The People I Know is a collection of nine stories, told by characters who hover at the edge of life. Whether it's Lorne, perched on a sofa as a wedding party swirls around him, or the elderly Mrs. R of "Morning at the Beach," imagining a career in crime as she sits on the front porch of a Miami hotel, these are people oddly accustomed to the sidelines of their worlds. Nancy Zafris's characters do not so much hurdle their barriers as contemplate them with varying degrees of humor, regret, and fanciful expectation. Gazing out of his window at a horizon of crushed cars, Bonner Junior fantasizes about working at an I.M. Pei office building instead of at John Bonner and Son Metal Shredders; at the same time, his job allows him to amuse his friends with grisly, embellished stories of human shreddings and wild dogs. In "Meeting in Tokyo," a businessman examines his own attraction and aversion to conformity after taking a young secretary to a "love hotel." For Wendy, born with a strong nose and a Baltic name, cosmetic surgery has brought acceptance but also boredom. Suffering little "deaths of feeling" with each success, she flirts with disaster, with anything that will make her heartbeat "go up to 75 or more." Grace, in "Grace's Reply," prefers to deal with reality through illusion; she blames her son's death on a Navy intelligence operation and sends Pampers to an imaginary grandson. Ranging from the kiddie bleachers of television's "Uncle Sylvester Show" to the upholstered seats of a Tokyo coffee shop, from a Navy recruitment office to a meeting of Alcoholics Anonymous, these stories enliven the common places of our world. Sad, yet rarely defeated, Nancy Zafris's characters toe the line and sometimes manage to cross it.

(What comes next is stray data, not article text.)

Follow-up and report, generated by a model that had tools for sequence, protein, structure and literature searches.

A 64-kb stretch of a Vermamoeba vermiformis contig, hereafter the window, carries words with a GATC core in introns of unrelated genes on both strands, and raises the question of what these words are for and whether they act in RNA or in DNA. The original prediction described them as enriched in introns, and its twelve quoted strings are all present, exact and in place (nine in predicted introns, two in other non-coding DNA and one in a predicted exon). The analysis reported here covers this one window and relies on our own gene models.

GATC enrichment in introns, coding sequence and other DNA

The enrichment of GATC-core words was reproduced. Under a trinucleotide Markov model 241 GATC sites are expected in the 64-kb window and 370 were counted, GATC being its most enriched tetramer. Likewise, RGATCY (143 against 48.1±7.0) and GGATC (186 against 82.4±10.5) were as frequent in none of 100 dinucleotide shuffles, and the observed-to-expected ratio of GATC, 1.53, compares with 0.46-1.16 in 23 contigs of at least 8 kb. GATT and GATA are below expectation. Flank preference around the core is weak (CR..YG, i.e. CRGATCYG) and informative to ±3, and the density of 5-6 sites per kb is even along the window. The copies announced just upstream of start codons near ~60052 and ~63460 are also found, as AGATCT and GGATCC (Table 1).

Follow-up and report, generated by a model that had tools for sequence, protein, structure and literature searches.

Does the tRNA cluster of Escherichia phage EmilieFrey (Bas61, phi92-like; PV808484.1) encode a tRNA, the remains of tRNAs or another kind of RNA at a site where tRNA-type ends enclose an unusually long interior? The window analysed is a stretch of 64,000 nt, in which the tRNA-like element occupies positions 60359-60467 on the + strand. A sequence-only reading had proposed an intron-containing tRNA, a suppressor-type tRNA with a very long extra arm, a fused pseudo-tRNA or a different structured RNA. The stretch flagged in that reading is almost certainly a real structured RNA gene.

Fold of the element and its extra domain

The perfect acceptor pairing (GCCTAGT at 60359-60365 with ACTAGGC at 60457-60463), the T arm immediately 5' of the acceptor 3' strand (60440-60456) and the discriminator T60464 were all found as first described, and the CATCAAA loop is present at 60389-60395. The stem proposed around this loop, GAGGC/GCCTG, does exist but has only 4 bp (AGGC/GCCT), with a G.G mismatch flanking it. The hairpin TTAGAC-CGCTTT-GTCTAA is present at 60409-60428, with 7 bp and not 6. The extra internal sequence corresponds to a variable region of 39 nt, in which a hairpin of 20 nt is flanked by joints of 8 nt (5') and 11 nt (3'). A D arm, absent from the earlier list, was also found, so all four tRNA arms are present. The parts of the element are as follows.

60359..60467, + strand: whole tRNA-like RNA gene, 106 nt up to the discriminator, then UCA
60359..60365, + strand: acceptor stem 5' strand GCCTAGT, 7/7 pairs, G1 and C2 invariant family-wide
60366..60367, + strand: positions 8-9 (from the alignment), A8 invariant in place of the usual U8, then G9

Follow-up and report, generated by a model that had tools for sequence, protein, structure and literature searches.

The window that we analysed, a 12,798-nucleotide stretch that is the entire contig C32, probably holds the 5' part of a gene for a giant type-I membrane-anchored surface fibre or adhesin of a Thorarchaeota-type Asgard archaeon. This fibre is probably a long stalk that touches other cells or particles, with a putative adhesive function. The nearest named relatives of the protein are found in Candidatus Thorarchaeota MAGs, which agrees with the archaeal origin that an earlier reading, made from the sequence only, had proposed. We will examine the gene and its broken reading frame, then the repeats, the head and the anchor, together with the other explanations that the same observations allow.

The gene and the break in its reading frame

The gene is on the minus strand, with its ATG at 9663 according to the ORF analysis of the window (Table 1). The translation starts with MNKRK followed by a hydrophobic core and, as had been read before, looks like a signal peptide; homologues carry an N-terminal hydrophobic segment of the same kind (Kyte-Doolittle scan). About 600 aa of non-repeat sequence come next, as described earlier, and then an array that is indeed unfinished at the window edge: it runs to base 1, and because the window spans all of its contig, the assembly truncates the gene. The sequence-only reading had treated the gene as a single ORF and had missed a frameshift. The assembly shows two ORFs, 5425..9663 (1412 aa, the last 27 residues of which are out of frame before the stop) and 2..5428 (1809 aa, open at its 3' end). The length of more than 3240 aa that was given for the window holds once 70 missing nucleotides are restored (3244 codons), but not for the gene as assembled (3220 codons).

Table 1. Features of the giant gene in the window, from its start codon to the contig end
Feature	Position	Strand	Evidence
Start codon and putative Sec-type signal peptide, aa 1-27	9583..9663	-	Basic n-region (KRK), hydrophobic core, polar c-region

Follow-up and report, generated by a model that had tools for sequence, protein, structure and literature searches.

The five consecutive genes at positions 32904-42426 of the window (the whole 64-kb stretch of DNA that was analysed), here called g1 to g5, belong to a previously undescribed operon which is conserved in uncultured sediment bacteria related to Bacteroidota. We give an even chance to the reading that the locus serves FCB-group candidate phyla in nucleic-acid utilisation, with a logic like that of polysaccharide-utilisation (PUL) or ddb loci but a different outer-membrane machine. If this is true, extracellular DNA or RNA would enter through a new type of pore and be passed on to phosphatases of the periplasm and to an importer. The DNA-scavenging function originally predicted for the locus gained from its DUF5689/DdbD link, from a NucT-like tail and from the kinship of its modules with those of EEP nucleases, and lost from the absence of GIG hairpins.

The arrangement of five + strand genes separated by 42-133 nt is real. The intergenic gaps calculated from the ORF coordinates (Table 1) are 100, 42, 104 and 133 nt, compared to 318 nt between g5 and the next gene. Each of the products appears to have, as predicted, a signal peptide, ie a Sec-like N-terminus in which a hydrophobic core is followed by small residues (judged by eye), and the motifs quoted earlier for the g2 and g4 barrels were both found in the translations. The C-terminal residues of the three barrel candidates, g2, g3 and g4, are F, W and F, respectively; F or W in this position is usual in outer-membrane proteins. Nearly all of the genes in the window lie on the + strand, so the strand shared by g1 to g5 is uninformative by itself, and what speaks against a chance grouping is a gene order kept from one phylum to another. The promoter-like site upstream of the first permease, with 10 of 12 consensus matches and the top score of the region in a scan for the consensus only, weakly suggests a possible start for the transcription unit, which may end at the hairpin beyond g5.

Author: Poetry for the People (Organization)Publish On: 1995
Her vision and politics have set her at the forefront of contemporary poetry and her work has a far-reaching impact on all poets and readers of poetry today.
Author: Poetry for the People (Organization)
Publisher: Taylor & Francis
Category: Language Arts & Disciplines
Her vision and politics have set her at the forefront of contemporary poetry and her work has a far-reaching impact on all poets and readers of poetry today. A dedicated and inspired teacher, her innovative and highly successful poetry program, Poetry for the People, has recently emerged as a national phenomenon.
I said to this man "who do you think I am?" and he said "God" and I said "Then God I am then". And that man is my son, we are not into niceties this second time around. Contact made with leaders who are in charge of the people on my land to lift all up and out of it to where all has been made ready, they said no. They stole it, they have not budged an inch in 2000 years. I will take this to the people.